Monetary Targeting I United States Fed began to announce publicly targets for money supply growth in 1975. Paul Volcker (1979) focused more on nonborrowed reserves Greenspan announced in July 1993 that the Fed would not use any monetary aggregates as a guide for conducting monetary policy
Monetary Targeting II Japan In 1978 the Bank of Japan began to announce “forecasts” for M2 + CDs Bank of Japan’s monetary performance was much better than the Fed’s during 1978-1987. In 1989 the Bank of Japan switched to a tighter monetary policy and was partially blamed for the “lost decade”
Monetary Targeting III Germany The Bundesbank focused on “central bank money” in the early 1970s. A monetary targeting regime can restrain inflation in the longer run, even when targets are missed. The reason of the relative success despite missing targets relies on clearly stated monetary policy objectives and central bank engagement in communication with the public.
Monetary Targeting Flexible, transparent, accountable Advantages Almost immediate signals help fix inflation expectations and produce less inflation Almost immediate accountability Disadvantages Must be a strong and reliable relationship between the goal variable and the targeted monetary aggregate
Inflation Targeting I Public announcement of medium-term numerical target for inflation Institutional commitment to price stability as the primary, long-run goal of monetary policy and a commitment to achieve the inflation goal Information-inclusive approach in which many variables are used in making decisions Increased transparency of the strategy Increased accountability of the central bank
Inflation Targeting II New Zealand (effective in 1990) Inflation was brought down and remained within the target most of the time. Growth has generally been high and unemployment has come down significantly Canada (1991) Inflation decreased since then, some costs in term of unemployment United Kingdom (1992) Inflation has been close to its target. Growth has been strong and unemployment has been decreasing.
Inflation Targeting III Advantages Does not rely on one variable to achieve target Easily understood Reduces potential of falling in time-inconsistency trap Stresses transparency and accountability Disadvantages Delayed signaling Too much rigidity Potential for increased output fluctuations Low economic growth during disinflation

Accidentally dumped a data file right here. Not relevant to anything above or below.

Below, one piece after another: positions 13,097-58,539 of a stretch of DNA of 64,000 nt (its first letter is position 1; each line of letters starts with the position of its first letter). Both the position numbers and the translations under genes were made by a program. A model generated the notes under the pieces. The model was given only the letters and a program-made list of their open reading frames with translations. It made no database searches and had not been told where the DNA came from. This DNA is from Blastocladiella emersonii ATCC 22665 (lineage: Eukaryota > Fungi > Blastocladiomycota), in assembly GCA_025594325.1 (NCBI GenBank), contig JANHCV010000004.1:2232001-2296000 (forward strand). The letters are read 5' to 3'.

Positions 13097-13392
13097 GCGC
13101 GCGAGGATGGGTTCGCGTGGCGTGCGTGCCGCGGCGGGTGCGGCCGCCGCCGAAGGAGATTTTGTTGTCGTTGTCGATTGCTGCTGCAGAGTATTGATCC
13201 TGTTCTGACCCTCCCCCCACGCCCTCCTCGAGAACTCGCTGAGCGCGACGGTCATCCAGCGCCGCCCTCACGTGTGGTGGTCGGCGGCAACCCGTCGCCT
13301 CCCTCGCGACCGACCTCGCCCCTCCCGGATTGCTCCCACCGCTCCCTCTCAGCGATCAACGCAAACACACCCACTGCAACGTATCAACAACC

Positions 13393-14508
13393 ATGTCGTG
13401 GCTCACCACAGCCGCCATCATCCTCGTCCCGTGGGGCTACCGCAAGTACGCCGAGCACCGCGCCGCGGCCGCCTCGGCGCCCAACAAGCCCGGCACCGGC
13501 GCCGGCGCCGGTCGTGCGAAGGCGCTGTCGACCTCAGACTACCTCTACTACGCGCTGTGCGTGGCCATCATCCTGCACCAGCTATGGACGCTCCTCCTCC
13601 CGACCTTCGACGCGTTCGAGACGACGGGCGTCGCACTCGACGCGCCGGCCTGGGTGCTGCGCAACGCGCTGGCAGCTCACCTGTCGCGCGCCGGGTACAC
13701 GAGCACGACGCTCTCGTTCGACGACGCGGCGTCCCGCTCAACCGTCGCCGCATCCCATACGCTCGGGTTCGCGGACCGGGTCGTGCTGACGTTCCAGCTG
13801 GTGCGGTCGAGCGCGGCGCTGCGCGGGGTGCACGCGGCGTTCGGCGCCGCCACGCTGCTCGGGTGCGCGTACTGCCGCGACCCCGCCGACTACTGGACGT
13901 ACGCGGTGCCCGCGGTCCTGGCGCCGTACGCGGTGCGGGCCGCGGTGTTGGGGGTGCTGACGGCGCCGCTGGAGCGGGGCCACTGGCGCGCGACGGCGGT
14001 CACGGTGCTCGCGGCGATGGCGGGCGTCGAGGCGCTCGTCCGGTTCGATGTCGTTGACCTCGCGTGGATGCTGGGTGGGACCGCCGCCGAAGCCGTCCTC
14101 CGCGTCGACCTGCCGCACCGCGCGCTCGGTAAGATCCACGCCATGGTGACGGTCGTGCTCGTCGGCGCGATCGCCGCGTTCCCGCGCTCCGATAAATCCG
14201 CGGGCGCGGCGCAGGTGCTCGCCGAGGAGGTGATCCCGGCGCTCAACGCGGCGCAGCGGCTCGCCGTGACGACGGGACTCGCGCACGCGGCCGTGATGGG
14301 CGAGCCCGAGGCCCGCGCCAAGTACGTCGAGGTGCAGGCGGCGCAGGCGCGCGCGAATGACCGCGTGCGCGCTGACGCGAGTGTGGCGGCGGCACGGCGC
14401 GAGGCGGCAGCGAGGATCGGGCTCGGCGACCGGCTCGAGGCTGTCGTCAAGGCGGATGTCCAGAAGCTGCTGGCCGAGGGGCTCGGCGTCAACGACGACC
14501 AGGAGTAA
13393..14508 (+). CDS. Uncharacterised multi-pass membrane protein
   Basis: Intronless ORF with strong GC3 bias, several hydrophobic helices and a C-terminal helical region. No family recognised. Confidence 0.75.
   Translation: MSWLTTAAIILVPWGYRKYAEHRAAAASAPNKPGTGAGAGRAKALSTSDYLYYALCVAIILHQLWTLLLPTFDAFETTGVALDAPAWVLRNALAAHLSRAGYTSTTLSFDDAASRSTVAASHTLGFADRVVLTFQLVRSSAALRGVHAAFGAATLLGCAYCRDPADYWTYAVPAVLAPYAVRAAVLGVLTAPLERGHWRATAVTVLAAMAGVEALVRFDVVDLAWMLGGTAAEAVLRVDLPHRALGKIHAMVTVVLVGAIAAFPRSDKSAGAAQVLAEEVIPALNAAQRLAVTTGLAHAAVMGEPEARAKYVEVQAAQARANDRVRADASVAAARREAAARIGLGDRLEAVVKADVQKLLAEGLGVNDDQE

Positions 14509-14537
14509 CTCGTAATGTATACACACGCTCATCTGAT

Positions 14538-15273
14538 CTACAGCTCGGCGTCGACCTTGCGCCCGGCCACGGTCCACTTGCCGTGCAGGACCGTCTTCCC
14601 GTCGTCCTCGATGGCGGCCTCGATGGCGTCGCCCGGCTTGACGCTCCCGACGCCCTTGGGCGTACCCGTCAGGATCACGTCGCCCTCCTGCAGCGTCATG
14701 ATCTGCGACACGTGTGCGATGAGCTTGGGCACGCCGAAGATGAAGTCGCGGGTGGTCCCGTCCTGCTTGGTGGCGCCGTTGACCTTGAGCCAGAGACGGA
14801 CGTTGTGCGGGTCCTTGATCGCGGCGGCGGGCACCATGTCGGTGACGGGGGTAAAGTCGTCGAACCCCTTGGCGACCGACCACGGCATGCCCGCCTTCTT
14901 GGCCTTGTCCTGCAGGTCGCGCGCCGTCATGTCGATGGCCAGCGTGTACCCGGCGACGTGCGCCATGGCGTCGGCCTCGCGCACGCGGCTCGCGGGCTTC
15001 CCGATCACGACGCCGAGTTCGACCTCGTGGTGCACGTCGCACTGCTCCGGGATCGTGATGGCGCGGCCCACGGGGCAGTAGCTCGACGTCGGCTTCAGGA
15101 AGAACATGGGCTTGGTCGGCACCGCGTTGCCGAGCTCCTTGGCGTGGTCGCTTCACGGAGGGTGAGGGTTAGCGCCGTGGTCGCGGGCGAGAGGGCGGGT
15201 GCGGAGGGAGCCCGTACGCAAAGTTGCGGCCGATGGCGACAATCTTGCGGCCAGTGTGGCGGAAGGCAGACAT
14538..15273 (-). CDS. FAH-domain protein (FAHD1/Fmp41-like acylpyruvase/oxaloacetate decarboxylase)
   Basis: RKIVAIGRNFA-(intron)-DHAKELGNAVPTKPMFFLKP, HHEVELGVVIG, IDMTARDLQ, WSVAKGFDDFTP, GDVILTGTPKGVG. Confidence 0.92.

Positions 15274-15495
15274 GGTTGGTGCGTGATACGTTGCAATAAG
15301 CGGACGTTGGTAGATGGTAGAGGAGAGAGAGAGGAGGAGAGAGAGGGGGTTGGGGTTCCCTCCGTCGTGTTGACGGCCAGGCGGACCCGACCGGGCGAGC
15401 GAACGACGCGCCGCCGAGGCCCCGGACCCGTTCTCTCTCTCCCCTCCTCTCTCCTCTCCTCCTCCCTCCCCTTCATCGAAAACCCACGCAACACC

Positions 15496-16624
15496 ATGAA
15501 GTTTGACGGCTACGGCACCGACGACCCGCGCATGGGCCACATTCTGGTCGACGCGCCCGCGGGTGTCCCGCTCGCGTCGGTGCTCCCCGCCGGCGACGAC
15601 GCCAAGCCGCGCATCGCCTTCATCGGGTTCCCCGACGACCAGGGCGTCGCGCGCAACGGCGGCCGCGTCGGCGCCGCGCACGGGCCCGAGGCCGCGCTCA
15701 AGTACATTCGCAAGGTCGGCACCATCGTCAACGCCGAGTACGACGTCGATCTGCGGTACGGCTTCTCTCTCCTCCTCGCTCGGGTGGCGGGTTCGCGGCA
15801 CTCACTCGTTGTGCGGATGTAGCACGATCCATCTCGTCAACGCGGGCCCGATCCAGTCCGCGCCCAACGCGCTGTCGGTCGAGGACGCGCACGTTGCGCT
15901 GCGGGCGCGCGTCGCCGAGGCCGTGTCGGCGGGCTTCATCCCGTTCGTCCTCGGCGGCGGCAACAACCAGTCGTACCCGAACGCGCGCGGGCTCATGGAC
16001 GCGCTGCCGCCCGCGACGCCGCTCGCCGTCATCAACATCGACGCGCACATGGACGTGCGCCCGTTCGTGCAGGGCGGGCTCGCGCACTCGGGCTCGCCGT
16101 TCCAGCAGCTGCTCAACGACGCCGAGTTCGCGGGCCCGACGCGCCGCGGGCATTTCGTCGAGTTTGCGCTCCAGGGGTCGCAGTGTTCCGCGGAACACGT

Inflation Targets Source: Ben S. Bernanke, Thomas Laubach, Frederic S. Mishkin, and Adam S. Posen, Inflation Targeting: Lessons from the International Experience (Princeton: Princeton University Press, 1999), updates from the same sources, and www.rbnz.govt.nz/statistics/econind/a3/ha3.xls
Monetary Policy with an Implicit Nominal Anchor There is no explicit nominal anchor in the form of an overriding concern for the Fed. Forward looking behavior and periodic “preemptive strikes” The goal is to prevent inflation from getting started.
Monetary Policy with an Implicit Nominal Anchor II Advantages Uses many sources of information Avoids time-inconsistency problem Demonstrated success Disadvantages Lack of transparency and accountability Strong dependence on the preferences, skills, and trustworthiness of individuals in charge Inconsistent with democratic principles
Tactics: Choosing the Policy Instrument Tools Open market operation Reserve requirements Discount rate Policy instrument (operating instrument) Reserve aggregates Interest rates May be linked to an intermediate target Interest-rate and aggregate targets are incompatible (must chose one or the other).
Linkages Between Tools, Policy Instruments, Intermediate Targets, and Goals
Criteria for Choosing the Policy Instrument Observability and Measurability Controllability Predictable effect on Goals
The Taylor Rule, NAIRU, and the Phillips Curve An inflation gap and an output gap Stabilizing real output is an important concern Output gap is an indicator of future inflation as shown by Phillips curve NAIRU Rate of unemployment at which there is no tendency for inflation to change
Central Bank’s Response to Asset Price Bubbles Asset-price bubble: pronounced increase in asset prices that depart from fundamental values, which eventually burst. Types of asset-price bubbles Credit-driven bubbles Subprime financial crisis Bubbles driven solely by irrational exuberance
Lessons From the Subprime Crisis Should central banks respond to bubbles? Strong argument for not responding to bubbles driven by irrational exuberance Bubbles are easier to identify when asset prices and credit are increasing rapidly at the same time. Monetary policy should not be used to prick bubbles.
Lessons From the Subprime Crisis Macropudential regulation: regulatory policy to affect what is happening in credit markets in the aggregate. Central banks and other regulators should not have a laissez-faire attitude and let credit-driven bubbles proceed without any reaction.
Historical Perspective I Discount policy and the real bills doctrine Discovery of open market operations The Great Depression Reserve requirements as a policy tool Thomas Amendment to the Agricultural Adjustment Act of 1933 War finance and the pegging of interest rates
Historical Perspective II Targeting money market conditions Procyclical monetary policy Targeting monetary aggregates New Fed operating procedures De-emphasis of federal funds rate De-emphasis of monetary aggregates Borrowed reserves target Federal funds targeting again Greater transparency
Historical Perspective III Preemptive strikes against inflation Preemptive strikes against economic downturns and financial disruptions LTCM Enron Subprime meltdown International policy coordination
The Taylor Rule for the Federal Funds Rate Source: Federal Reserve: www.federalreserve.gov/releases and author’s calculations.